Saturday (T-3) - Oh Hai - CycleBlaze

September 28, 2019

Saturday (T-3)


Unpacked from the box
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I'm not going to assume that everyone reading this journal has read my previous journals. For one thing, as a member of the exodus from That Other Site, the vast majority of them currently aren't online. 

In any case I feel I should introduce myself to everyone and tell people a bit about myself.

My name is Marian. I'm 38 years old. American. I've been living in China since 2002. 

I started out as an English teacher temporarily doing that "post college not sure what's next" thing that many native English speakers do because it's relatively easy work for relatively good money and a nice opportunity to take a step back and make decisions.

I moved to Hainan in 2004, started formally studying Chinese in 2005, volunteered to work at the inaugural Tour of Hainan road race in 2006, and have been a Chinese to English translator ever since. 

In 2011, in order to handle my Residence Permit and minor niggling things like taxes, I opened a translation agency as a Wholly Foreign Owned Entity under Chinese law. I still like to think of myself as a freelancer but, given the whole "having employees" thing and the "branch offices in other provinces", I'm rather clearly not a freelancer.

I went on my first bike tour in 2003, my first overnight bike tour in 2006, my first international bike tour in 2007, and my first multi-month bike tour in 2008. I've mostly toured in China but also Vietnam, Singapore, Malaysia, and a bit of the US.

Because my job allows me to work remotely, I currently take a long tour about once a year. This year's trip is from Shanghai to Haikou meandering through Zhejiang, Jiangxi, Fujian, Guangdong, Hong Kong, and Macau. I will take small roads. I will detour. I will wander. And, if past experiences are in any way an indicator of future events, I will get into arguments with the local police about hotels, my registering to spend the night at a hotel, and the 'license to accept foreigners'.

Arguments which I will win.

Possibly because there once were classes of hotels that foreigners could stay at and classes of hotels that foreigners couldn't stay at, there's this persistent misconception that a special license needs to be given for a hotel to accept non-Chinese. On the basis of way too much research, I can say that if such a license exists, it exists in a void where no forms exist to be filled out; no laws or government circulars mention it; no services exist to help a hotel get the license; and, no one has ever bragged on social media about getting one for their business.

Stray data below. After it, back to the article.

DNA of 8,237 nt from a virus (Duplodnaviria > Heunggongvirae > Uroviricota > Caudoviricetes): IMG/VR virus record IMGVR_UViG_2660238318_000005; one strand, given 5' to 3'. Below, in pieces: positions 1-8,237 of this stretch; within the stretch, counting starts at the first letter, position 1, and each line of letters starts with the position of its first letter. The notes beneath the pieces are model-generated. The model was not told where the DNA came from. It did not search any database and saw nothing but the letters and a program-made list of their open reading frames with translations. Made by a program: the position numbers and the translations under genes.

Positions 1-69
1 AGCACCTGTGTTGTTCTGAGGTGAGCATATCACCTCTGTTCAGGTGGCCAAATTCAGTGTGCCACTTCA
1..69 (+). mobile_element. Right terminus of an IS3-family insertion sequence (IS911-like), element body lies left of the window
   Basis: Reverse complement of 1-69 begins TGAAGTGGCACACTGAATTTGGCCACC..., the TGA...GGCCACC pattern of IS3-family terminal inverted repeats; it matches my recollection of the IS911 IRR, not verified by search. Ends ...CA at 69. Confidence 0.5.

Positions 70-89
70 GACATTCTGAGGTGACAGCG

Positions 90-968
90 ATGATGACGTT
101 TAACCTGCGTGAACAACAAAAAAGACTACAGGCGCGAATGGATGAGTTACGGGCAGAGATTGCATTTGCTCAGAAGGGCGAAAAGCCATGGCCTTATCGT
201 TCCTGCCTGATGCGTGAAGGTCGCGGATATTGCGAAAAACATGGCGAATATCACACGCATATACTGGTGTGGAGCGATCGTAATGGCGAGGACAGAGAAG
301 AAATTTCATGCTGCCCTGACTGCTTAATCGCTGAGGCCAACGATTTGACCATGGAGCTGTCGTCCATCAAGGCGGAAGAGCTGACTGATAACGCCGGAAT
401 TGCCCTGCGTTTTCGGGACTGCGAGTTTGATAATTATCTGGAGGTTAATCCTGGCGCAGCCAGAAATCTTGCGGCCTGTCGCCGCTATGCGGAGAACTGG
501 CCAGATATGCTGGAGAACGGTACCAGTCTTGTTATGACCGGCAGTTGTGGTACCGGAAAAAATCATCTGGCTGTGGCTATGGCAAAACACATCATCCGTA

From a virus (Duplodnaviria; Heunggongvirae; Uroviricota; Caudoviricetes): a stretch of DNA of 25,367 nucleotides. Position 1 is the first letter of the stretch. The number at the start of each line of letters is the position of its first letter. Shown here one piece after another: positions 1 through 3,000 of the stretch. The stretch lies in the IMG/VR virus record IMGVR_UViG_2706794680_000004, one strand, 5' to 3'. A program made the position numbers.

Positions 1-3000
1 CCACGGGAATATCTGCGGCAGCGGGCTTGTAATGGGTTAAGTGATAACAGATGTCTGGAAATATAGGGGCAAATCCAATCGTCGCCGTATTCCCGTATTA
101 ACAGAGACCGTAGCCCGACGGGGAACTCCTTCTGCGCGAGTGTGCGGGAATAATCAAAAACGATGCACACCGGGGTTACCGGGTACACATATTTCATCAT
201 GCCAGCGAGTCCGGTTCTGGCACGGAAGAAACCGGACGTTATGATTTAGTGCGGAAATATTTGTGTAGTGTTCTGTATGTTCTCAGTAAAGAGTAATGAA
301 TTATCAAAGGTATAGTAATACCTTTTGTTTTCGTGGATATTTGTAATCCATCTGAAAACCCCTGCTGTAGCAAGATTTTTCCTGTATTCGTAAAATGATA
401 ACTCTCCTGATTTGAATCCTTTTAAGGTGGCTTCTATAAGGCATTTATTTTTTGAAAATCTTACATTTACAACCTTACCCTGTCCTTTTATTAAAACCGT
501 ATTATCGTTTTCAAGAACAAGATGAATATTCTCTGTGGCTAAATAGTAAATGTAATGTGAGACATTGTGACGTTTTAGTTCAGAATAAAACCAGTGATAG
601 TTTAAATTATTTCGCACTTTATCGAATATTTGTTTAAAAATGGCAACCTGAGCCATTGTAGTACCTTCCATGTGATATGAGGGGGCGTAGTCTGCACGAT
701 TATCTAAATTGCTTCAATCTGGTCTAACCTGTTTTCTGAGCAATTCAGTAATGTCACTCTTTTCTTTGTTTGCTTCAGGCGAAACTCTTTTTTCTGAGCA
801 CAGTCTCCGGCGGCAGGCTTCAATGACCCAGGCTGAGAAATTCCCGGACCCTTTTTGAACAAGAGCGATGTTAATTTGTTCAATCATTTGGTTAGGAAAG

I don't go out of my way to provoke the police into admitting they were wrong. In point of fact, I try very hard to resolve my hotel registration without bringing the police into the picture at all. However, unlike past trips, many of the places I will be going on this trip are ones where lots of foreign backpackers and no few cycle tourists have repeatedly reported hotels refusing to accept them and police forcing them to move along.

I'm not looking forward to this aspect of my trip.

Over the past 17 years, for times the police or other Chinese authorities have told me it is illegal for me to spend the night in a specific location, the Marian v. The Men in Blue score currently stands at 115 to 4 so I'm not especially worried that I'll actually be moved along. 

It's just that I'm not a huge fan of confrontation and every time I end up in one of these situations I'm always a little bit afraid that I'm going to lose my temper or say the wrong thing and make it into something a bit more serious. 

(This one time, in Guizhou in 2012, I blurted out "You are a police officer. Police officers should serve the people. They shouldn't lie. If you don't know the truth, then shut your mouth!" and it worked, but it still scared the shit out of me that I had let those words escape my internal monologue.)

After an incident last year where I was arrested and spent ~30 hours in custody over something which I did not do (but which, with the evidence they had, the police were absolutely correct in thinking I had done), I'm even less interested than I was before.

At the same time, when "you can't stay here" comes up, they often aren't giving me much a choice. I can sleep in a tent without telling anyone where I am; stay in the sort of dodgy love hotel that usually doesn't register their guests; let them drive me to some other county; be forced to stay at the most expensive place in town; or, put my foot down and make a fuss. As my mother's daughter, it's pretty obvious which one of those I'm going to choose.

I hope not to have too many of these altercations. I hope to entertain you with my writing about my travels. And for those of you who aren't also bikers, I hope to inspire you to go out and do your own cool fun things.

15 minutes later, it's still not quite ready to ride because the rear brake cable hasn't been attached but, if I had had the brake cable splitters, I could leave an airport by bike.
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Today's ride: 9 km (6 miles)
Total: 44 km (27 miles)

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